‘The Lone Ranger’ rides during the Super Bowl pre-game show
Johnny Depp and Armie Hammer in 'The Lone Ranger' (Photo: Walt Disney Pictures)
He can outrun an explosion, escape from a gunman on a moving train with nothing more than a bullwhip, stare down a villain at 90 miles per hour, and rescue children and damsels in distress. Has Indiana Jones returned? Nope, it’s a another hero in a hat, and this one wears a mask. He's “The Lone Ranger."
Watch the Super Bowl pre-game spot for 'The Lone Ranger':
Disney has a bit of a marketing challenge ahead of them with their upcoming reboot of “The Lone Ranger” – they’re dealing with a character who hasn’t been a major cultural presence for a few decades, and while Johnny Depp is top billed in the movie, he’s barely recognizable as Tonto, wearing a elaborate facial make-up that goes beyond Tim Burton’s wildest dreams. So if Disney was going to make a major ad buy on the Super Bowl telecast, you can’t fault them for focusing tight on the target market.
CBS’s pre-game show was officially sponsored by “The Lone Ranger,” and the show kicked off with a montage that intercut bits and pieces from the movie with footage of the Baltimore Ravens and the San Francisco 49ers on the field, drawing an analogy between the Lone Ranger’s fight for justice with the battle for gridiron supremacy that was set to begin about an hour later. (Judging by the stuffed black bird on Tonto's head, it's pretty clear which team he's pulling for.)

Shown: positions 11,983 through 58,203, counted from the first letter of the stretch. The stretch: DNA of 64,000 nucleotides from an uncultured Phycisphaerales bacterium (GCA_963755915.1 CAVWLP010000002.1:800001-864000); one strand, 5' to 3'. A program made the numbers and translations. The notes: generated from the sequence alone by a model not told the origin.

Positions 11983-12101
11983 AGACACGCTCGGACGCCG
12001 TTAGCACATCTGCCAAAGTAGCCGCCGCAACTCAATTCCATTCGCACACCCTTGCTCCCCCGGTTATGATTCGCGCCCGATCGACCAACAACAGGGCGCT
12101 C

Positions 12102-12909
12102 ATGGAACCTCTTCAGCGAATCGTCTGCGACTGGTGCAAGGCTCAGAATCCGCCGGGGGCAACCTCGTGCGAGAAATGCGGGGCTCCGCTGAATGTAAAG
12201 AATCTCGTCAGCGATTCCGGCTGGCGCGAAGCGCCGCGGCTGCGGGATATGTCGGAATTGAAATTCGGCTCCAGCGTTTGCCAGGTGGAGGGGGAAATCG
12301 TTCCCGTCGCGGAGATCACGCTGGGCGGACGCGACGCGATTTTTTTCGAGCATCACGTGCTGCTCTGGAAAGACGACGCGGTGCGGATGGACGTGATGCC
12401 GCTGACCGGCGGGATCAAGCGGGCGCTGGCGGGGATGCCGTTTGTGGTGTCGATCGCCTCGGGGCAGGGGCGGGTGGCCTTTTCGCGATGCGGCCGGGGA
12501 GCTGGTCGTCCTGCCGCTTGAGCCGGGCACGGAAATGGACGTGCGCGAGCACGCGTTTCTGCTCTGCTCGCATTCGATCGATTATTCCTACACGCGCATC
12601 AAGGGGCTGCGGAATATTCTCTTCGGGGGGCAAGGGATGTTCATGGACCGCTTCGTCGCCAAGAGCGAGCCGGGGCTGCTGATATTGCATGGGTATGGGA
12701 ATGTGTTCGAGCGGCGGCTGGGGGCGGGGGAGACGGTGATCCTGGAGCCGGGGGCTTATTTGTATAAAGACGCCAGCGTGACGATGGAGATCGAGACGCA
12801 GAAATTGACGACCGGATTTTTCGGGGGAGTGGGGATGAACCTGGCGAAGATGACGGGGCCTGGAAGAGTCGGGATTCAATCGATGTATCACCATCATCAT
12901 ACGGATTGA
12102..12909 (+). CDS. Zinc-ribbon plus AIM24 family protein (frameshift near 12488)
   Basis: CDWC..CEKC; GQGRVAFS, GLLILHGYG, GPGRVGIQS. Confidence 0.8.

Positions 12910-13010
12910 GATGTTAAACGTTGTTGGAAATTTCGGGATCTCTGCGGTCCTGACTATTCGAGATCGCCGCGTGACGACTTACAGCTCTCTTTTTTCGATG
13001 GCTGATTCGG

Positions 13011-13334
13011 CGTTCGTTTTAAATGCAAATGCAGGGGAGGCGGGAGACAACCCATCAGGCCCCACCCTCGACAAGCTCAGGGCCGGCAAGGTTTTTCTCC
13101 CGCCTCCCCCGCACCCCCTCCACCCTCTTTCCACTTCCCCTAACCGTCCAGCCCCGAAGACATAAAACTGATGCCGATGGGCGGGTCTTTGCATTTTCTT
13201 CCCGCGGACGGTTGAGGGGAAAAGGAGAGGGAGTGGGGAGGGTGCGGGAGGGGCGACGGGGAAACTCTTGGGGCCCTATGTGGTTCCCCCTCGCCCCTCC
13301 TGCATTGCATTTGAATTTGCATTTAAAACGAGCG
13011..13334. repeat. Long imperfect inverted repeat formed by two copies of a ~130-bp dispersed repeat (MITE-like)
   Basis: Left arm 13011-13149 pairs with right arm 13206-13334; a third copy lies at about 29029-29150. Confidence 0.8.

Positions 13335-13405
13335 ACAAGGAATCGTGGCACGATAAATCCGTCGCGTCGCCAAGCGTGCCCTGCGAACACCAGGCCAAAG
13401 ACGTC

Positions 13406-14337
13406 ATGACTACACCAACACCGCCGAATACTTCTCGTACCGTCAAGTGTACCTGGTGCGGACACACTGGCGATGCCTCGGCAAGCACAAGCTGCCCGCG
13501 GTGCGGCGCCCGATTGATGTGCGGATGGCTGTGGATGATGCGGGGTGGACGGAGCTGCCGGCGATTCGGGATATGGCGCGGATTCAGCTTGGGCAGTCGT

If the opening montage didn’t offer a lot of insight into the film’s narrative, it delivered an impressive look at director Gore Verbinski’s visual style, as the Old West plains explode into flames, burning arrows hit settlers’ bungalows, armies on horseback charge into battle, Armie Hammer as the Lone Ranger handles a gun and distributes silver bullets with aplomb, and Johnny Depp as his faithful sidekick Tonto seems formidable and mysterious, telling the Ranger that sometimes good men must wear masks (this contrasted, of course, with the players donning their helmets).
A proper trailer arrived about thirty minutes later, and if it recycled a few of the more spectacular moments we’d already seen, it gave a better idea of the film’s grand scale approach – Monument Valley vistas John Ford could only dream of, the hero rearing back on his horse against the sunrise, some creepy looking bad guys, Tonto discovering the wounded Texas Ranger in the desert, the two men discussing their need to bring justice to the lawless and, and a spectacular stunt sequence on a moving train, which looked vertigo-inducing on a small screen and should be little short of amazing in theaters.